A low crawl at the top of the stairs forced athletes duck walk before being sent down to the deep end. That would be the deep end of the dry, Olympic sized swimming pool as GB hung ropes down from the diving area making for a very different looking rope climb.

Immediately following your not-very-refreshing dip in the pool an athlete faced the death bag haul. These soul-sucking bags were made by placing a sandbag into each leg of a pair of blue jeans and sewn together. These were made even heavier by being soaking wet from the rain the night before. A racer had to find a way to carry this awkward sack up and down a flight of steps three times, oh did I forget to mention the steps were two feet tall? Yikes! I hope you saved a little grip strength as the floating walls, consisting of two floaters separated by a rope, were right around the corner.
Your pool day fun was not quite over yet as GB sent racers up a few flights of stairs for a chance to fly down one of the two water slides. The cold water fun didn’t end there though as volunteers directed you towards the lazy river where you trekked against the waist deep current set to full power. This was not as easy as it looked, but GB provided lifeguards just in case you got swept away.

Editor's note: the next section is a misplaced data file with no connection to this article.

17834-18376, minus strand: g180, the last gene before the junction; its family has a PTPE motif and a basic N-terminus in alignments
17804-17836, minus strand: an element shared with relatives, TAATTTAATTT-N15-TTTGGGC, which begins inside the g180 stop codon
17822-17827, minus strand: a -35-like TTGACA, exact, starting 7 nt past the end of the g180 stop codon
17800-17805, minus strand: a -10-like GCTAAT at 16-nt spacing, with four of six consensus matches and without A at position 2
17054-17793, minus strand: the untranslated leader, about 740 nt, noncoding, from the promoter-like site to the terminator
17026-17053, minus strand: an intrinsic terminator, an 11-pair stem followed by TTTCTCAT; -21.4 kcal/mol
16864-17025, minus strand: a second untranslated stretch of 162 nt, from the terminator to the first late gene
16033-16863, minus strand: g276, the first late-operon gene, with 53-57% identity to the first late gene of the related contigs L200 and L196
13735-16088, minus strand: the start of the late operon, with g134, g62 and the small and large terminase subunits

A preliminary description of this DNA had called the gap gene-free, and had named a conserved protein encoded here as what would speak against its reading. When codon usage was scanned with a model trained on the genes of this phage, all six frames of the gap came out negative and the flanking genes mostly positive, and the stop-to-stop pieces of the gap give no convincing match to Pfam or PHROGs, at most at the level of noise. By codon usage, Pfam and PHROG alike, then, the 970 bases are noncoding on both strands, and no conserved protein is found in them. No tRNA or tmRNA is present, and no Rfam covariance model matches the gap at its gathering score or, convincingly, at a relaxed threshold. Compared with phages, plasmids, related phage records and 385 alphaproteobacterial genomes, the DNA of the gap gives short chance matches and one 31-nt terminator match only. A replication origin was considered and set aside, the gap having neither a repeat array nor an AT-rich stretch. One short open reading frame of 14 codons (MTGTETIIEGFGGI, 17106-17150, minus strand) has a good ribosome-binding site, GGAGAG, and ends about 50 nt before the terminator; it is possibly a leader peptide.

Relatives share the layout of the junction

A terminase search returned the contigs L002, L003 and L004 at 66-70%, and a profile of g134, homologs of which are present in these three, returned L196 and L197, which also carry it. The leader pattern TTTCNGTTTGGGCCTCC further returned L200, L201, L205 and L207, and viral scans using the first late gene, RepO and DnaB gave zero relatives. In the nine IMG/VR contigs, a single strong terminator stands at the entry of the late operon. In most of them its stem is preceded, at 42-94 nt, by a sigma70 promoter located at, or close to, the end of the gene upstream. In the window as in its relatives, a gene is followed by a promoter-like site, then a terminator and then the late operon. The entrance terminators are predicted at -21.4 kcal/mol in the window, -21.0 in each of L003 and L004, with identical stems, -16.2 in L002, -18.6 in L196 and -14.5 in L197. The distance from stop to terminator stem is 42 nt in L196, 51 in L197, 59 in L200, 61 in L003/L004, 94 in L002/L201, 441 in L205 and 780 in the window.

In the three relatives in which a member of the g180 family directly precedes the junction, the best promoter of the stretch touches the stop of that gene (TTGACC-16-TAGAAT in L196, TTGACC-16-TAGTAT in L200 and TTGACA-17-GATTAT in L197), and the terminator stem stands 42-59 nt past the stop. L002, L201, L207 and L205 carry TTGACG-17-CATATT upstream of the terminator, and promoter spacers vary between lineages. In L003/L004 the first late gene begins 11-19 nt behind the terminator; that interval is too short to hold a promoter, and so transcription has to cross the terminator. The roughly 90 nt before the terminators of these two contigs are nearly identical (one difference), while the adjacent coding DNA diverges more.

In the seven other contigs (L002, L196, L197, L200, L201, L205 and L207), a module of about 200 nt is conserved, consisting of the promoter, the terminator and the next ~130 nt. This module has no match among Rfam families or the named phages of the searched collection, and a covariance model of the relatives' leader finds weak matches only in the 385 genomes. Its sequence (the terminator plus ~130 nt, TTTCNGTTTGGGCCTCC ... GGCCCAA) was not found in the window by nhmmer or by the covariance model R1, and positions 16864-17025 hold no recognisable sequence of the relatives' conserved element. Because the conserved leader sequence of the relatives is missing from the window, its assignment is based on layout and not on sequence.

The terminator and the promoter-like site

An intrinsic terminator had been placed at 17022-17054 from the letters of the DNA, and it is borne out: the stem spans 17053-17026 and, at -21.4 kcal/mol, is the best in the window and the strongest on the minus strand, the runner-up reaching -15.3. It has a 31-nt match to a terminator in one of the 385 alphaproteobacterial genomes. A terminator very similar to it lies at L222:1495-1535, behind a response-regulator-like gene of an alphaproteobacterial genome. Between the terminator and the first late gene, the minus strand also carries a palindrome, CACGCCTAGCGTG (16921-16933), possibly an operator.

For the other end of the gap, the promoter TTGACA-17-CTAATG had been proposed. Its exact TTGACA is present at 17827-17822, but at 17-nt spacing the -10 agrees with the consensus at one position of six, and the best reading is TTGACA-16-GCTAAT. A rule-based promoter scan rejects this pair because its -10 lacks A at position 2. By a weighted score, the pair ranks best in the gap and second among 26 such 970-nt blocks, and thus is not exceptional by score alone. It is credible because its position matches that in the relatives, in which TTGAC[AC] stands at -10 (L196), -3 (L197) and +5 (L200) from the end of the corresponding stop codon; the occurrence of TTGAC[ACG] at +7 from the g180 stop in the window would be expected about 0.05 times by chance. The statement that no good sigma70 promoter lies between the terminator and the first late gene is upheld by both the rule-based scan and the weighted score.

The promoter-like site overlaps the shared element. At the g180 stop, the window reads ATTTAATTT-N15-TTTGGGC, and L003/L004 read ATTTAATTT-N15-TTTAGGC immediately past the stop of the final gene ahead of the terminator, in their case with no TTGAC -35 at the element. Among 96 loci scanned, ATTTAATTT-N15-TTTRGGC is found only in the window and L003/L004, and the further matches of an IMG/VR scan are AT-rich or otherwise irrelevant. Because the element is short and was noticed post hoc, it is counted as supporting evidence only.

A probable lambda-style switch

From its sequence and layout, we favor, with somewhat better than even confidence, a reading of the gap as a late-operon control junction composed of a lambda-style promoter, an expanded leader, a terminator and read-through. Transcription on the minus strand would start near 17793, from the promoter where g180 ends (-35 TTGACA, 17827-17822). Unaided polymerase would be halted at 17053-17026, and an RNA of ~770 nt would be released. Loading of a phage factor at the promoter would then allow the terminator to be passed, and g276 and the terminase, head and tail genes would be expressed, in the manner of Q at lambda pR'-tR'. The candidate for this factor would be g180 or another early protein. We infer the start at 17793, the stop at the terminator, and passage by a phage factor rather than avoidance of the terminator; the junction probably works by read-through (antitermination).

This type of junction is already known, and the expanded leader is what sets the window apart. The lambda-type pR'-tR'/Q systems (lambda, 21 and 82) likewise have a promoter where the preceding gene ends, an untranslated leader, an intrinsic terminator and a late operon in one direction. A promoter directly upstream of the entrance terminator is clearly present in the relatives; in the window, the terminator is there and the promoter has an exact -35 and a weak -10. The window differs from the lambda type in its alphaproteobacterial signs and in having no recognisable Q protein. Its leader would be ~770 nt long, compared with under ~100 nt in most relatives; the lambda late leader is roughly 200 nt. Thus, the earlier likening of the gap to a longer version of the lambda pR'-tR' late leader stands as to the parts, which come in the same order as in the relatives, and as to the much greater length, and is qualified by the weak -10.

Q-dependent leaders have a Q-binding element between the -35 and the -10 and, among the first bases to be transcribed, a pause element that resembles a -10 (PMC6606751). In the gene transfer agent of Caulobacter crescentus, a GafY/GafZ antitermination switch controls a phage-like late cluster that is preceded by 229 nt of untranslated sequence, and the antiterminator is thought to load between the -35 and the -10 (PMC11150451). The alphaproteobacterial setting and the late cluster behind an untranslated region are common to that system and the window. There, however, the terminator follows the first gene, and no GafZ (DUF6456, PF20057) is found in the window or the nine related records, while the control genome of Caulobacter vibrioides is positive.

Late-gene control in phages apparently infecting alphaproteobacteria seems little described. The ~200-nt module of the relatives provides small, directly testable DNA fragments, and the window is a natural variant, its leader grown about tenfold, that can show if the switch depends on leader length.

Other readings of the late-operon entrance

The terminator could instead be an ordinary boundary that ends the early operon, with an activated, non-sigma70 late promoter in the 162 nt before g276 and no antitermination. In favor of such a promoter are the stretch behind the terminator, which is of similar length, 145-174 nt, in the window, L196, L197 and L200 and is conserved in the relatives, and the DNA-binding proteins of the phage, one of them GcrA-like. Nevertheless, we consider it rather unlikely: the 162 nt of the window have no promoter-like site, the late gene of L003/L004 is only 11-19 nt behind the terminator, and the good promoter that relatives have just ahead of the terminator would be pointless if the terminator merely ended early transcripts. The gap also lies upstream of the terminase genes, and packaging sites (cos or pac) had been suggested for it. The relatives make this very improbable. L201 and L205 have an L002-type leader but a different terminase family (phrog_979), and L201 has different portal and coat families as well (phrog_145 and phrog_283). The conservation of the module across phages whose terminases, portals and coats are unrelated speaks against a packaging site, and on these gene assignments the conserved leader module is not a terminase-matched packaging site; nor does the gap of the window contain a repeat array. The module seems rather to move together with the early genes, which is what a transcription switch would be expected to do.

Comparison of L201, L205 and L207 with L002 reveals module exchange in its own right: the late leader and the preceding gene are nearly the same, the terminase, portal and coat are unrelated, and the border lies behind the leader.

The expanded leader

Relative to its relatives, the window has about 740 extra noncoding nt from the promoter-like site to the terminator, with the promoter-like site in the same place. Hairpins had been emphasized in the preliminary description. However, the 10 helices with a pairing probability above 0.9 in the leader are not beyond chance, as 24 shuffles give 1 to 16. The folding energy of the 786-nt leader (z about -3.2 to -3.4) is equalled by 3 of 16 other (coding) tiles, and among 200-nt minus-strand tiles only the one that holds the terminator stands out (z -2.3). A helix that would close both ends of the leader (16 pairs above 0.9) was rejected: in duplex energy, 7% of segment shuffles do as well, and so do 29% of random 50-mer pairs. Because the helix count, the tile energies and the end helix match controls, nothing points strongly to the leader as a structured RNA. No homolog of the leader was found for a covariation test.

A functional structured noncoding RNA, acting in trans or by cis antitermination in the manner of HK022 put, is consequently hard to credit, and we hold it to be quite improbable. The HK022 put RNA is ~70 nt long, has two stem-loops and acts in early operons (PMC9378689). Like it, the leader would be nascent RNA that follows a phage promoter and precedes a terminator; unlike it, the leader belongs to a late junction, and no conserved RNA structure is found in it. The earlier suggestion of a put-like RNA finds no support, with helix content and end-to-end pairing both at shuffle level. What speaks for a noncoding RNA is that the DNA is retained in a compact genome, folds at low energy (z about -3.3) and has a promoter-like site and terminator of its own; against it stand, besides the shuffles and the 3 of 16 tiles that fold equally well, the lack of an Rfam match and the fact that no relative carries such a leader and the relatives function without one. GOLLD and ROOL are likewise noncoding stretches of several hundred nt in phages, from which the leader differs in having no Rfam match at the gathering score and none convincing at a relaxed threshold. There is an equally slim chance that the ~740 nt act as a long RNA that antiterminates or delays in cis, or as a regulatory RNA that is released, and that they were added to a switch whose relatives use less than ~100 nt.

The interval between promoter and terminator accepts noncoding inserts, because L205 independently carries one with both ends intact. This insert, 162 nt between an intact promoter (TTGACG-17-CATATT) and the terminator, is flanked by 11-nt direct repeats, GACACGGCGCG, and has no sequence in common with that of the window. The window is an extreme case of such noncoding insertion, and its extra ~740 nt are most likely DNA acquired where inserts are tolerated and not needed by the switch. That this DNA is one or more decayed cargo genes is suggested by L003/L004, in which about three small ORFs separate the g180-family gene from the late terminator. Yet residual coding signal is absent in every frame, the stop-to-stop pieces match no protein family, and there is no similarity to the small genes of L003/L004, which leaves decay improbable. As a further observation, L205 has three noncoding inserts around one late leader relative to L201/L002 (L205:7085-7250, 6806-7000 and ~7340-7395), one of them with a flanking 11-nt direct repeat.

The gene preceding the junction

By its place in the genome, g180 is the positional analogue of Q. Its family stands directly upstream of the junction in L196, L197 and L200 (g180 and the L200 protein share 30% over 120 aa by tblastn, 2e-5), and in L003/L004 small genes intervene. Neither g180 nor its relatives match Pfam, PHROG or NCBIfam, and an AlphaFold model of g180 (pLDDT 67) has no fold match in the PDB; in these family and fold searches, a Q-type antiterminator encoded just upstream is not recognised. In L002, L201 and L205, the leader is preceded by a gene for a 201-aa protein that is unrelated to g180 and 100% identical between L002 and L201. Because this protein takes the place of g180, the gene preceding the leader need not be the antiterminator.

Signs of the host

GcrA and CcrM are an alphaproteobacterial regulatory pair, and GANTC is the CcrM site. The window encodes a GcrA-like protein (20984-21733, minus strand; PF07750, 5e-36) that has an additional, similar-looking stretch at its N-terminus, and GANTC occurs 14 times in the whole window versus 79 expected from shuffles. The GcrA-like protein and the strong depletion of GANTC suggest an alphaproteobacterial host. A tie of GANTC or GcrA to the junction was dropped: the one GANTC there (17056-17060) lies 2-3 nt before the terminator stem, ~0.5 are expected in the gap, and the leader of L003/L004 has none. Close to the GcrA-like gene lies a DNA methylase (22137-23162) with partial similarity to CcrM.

After crawling out of the coolness that you had become accustomed to, the course led out of the water park where a short jog ensued through a mowed grass lot, eventually ending up at a wreckbag station. Athletes then hoisted those wreckbags onto their shoulders for another short jog, this one with walls and an A-frame to traverse along the way.

After dropping off the old bag it was on to the GB rig, a low crawl, short wall, and a super fun warped wall were added along the route there. The rig configuration went like this: 3 rings transitioned to a horizontal board with rock climbing holds ending with 3 suspended balls, which proved to be a great grip and body control tester. Once finished, racers were sent back towards the festival area where after a short cement block carry athletes tested their agility with some free running through the skate park. The heavy tractor tire flip was placed right outside the skate park and signaled the end of the obstacles in this location.